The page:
Gastroesophageal Reflux Disease GERD

Pathophysiology

• Excessive transient relaxations of lower esophageal sphincter (LES) or incompetent LES

• Esophageal mucosal damage (esophagitis) due to prolonged contact with acid. etc.

• Hiatal hernia: contributes to J LES tone; acts as reservoir for refluxed gastric contents

Clinical manifestations

• Heartburn, atypical chest pain; regurgitation of stomach contents, water brash, dysphagia

• Cough (chronic nocturnal aspiration), asthma, hoarseness (vocal cord inflammation)

• Précipitants: large meals, supine position, fatty foods, caffeine, alcohol, cigarettes. CCB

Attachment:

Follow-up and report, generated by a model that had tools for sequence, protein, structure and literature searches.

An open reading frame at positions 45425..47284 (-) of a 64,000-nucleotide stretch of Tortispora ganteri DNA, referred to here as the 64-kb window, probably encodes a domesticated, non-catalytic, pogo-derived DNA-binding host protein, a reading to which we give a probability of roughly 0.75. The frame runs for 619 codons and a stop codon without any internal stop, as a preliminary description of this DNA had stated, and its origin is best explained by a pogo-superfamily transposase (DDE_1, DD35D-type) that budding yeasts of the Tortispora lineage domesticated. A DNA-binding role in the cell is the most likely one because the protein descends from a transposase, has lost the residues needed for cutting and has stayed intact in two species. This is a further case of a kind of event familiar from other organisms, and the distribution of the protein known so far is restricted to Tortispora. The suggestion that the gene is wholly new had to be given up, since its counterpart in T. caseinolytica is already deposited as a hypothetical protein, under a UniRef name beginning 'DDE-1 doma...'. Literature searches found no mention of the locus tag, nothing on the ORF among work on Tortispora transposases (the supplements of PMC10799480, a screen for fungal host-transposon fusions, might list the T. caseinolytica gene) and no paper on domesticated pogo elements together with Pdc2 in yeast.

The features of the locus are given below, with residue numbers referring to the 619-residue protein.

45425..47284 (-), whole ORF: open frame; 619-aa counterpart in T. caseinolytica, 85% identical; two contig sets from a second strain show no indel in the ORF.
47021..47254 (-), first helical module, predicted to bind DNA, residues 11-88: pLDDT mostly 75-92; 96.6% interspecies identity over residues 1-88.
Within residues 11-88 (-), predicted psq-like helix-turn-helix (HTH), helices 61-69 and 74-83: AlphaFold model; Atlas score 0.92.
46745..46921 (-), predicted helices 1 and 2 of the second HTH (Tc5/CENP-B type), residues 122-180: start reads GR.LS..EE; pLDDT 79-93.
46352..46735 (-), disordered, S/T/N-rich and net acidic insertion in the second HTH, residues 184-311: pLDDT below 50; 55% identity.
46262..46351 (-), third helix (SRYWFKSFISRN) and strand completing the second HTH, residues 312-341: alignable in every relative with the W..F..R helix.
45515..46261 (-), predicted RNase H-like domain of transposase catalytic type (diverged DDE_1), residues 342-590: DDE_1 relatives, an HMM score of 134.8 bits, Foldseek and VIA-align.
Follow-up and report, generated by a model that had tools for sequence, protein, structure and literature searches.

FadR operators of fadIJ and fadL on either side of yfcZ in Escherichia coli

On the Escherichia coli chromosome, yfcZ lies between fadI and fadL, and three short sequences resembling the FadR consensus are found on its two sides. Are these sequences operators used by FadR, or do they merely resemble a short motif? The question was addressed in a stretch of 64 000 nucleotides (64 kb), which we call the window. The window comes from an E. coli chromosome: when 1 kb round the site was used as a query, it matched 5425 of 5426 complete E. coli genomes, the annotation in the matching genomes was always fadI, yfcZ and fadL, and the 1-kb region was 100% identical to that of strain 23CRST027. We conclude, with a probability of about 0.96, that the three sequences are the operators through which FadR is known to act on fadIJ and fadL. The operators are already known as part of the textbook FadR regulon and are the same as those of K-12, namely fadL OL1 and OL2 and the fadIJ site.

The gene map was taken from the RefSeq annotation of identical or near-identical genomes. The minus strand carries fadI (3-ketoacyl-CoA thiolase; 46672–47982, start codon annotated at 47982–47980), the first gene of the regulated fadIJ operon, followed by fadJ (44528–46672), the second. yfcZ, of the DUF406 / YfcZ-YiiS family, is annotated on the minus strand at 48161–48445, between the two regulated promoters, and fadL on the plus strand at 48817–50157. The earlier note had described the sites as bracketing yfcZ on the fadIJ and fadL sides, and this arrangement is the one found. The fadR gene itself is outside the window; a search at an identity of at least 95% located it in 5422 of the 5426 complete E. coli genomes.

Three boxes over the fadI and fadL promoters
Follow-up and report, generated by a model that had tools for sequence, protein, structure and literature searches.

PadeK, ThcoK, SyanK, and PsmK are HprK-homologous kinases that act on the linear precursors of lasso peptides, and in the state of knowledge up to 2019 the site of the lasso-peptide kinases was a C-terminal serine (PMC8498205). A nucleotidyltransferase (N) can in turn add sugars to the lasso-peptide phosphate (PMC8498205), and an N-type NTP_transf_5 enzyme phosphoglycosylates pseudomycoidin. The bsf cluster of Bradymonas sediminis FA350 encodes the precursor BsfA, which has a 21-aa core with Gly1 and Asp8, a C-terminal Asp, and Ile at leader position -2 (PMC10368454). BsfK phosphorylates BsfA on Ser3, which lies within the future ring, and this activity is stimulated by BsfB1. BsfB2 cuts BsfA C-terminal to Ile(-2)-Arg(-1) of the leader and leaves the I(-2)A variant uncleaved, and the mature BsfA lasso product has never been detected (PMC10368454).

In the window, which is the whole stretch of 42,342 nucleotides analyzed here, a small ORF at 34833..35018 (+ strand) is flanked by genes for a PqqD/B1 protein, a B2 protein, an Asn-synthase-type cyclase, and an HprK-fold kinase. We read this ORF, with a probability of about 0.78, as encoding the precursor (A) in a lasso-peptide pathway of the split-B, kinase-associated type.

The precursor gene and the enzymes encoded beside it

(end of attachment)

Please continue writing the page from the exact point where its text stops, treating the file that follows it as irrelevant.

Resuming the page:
Diagnosis

• Often based on Hx, trial of PP1 (although Se & Sp of improved sx after empiric PP1 for dx of

GERD are surprisingly low. 78% & 54% respectively) (Anrv* 2004; 140518)

• EGD to detect esophagitis. ulcer, Barretts esophagus, or stricture (jama 2002:287:1972)

• 24-h ambulatory esophageal pH monitoring if diagnosis is uncertain Treatment

• Lifestyle measures: avoid précipitants, small meals, avoid late meals, elevate head of bed

• Medical: antacids. Hî-blockers, PPI. prokinetic agents

• Surgical: fundoplication (often laparoscopic), success rate -90% (nejm 1992:326.786) Complications

• Esophagitis. Barrett's csopltogus (specialized intestinal metaplasia with 30-60 ■ Trisk of adenocarcinoma. 0.8% per y. nejm 1999:340825 & 2002:346:846). stricture

• If Barrett s found, endoscopic surveillance (eg. q 3 y) for dysplasia is warranted

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